To login into a remote system, we used to use telnet. Due to the severe security vulnerabilities of telnet, it was replaced by ssh.
SSH allows users to login into remote systems with/without password but with the help of a private key and a public key. The main advantage of SSH is its encryption. It allows user to communicate with the remote system without any fear of eavesdropping or tampering.
The shortcomings of SSH
To put working of ssh in simple terms, it is a TCP connection of encrypted packets.
SSH sends the packets between the local and remote system just like telnet but the contents of the packet are encrypted. There is no buffering and processing in the middle. Even the characters you type are sent to the remote system and then the remote system sends its response (which contains the character typed to be displayed on the screen) to the local system.
Can you see that whole round trip to see a single character you typed ???
“””It just sends/receives encrypted packets“””
But what happens when the network is disconnected or is very slow. TCP connection will be broken and the local system will be left hanging in the air without any error. It’s not the typical frozen Linux system, just a frozen terminal with the disconnected SSH connection.
You might have had frustration with ssh in one of the below situations.
- Your network connection is disconnected. Your ssh session will not show anything. When you type in the shell, you will notice that nothing is happening. And then you will check the internet/Wi-fi icon.
- When you have a slow internet connection, the same situation will arise. The characters you type in the local system may appear after seconds, or in worse cases, even minutes.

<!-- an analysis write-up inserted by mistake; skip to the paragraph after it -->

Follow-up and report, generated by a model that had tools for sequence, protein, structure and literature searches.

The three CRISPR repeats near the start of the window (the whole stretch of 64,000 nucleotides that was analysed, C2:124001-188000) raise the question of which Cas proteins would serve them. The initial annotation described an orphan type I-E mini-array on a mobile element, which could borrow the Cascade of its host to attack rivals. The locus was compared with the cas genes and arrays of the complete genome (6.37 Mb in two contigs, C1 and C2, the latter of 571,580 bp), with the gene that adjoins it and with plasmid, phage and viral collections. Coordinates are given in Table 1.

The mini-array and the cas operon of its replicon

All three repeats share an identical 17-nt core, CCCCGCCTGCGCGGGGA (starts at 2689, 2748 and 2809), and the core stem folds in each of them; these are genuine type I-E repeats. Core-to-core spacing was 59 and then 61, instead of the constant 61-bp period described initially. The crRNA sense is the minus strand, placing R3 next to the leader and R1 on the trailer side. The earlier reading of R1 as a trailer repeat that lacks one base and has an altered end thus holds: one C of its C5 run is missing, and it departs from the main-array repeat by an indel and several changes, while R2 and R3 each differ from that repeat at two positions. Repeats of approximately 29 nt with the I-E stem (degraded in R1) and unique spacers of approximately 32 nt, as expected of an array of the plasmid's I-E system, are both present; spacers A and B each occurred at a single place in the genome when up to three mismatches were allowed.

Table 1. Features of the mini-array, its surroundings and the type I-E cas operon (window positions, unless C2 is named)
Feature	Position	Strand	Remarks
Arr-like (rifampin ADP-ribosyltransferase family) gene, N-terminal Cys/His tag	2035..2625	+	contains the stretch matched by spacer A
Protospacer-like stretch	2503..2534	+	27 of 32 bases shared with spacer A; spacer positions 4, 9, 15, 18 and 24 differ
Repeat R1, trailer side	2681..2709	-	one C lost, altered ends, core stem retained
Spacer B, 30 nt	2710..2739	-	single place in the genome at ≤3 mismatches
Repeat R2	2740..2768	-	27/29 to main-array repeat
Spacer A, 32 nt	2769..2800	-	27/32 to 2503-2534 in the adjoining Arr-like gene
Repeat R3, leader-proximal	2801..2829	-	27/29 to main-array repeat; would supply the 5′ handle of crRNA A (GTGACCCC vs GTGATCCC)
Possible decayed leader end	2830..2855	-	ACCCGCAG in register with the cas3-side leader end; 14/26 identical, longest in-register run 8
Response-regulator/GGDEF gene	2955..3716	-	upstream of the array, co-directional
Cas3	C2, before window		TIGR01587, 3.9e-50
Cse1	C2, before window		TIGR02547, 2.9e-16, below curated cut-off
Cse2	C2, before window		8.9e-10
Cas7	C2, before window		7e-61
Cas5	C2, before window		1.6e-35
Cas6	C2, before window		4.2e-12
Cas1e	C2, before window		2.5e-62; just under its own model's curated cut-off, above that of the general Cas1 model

- When you are inactive for a long period, sometimes SSH will stop working even though your computer weren’t idle and network connection was active.
To summarize, SSH provided great security but little usability in high latency connections. You may use the nohup command in Linux to continue running the commands even after SSH connection drops out, but it’s not really a good solution. You know what’s better? Mosh!
Mosh: SSH without the connectivity issues
Mosh stands for MObile SHell. It gives a simple solution to all the problems mentioned above. It uses a technique similar to buffering and synchronization of items (objects) using SSP protocol (state-Synchronization Protocol). And to transmit packets, it uses UDP which is connection-less protocol.
To know how mosh works, read its official page.
To avoid reinventing the wheel, mosh uses ssh for authentication. So you need not create new key pairs or users and the like. So every security advantage that ssh has is also with mosh. It also implies that you should have a working SSH setup both in the local and remote system.
Install mosh on Ubuntu and other Linux distribution
After ensuring you have a working SSH setup, installing mosh is a straight forward task. The package you need to install is the same in both local and remote systems.
To install mosh in Ubuntu or Debian based Linux distributions, you may use the following commands, one by one:
sudo apt update sudo apt install mosh
Mosh is available in all major Linux distributions. Use the package manager of your distribution to install it.
After you are done installing mosh, everything is ready on the client/local side. On the remote side (i.e. server), you have to do a simple configuration.
Configuring mosh on remote server
Remember the part that I said mosh uses UDP? By default, mosh uses UDP ports 60000-61000. So if you have a firewall on the remote system, you must rewrite the firewall rule for those ports as follows. ufw is the firewall manager.
sudo ufw allow 60000:61000/udp
Let’s connect through mosh
As of now, we have a working SSH, mosh that is installed in both systems, and a firewall rule that allows UDP traffic on ports 60K-61K at the remote server.
To use mosh, it as simple as below
Yeah! I know. It is that simple just like ssh.
But what if I need to specify the ssh port other than the default port or to use ssh specific options. mosh has got you covered. You just need to pass the “ssh option [argument]” to the option –ssh.
For example, I need to connect to ssh running at port 2222 on the remote server. It can be done as follows.
mosh seeni@LinuxHandBook.com --ssh="ssh -p 2222"
That’s it systems are connected. Now for realizing the power of mosh, try turning your network connection off and on again. You can see mosh is still working. How cool is that!
I hope you liked this tutorial on Mosh. Ever since I discovered Mosh, I have stopped using ssh for connecting to remote servers. How about you? Did you like Mosh or do you still prefer SSH? Do share your views.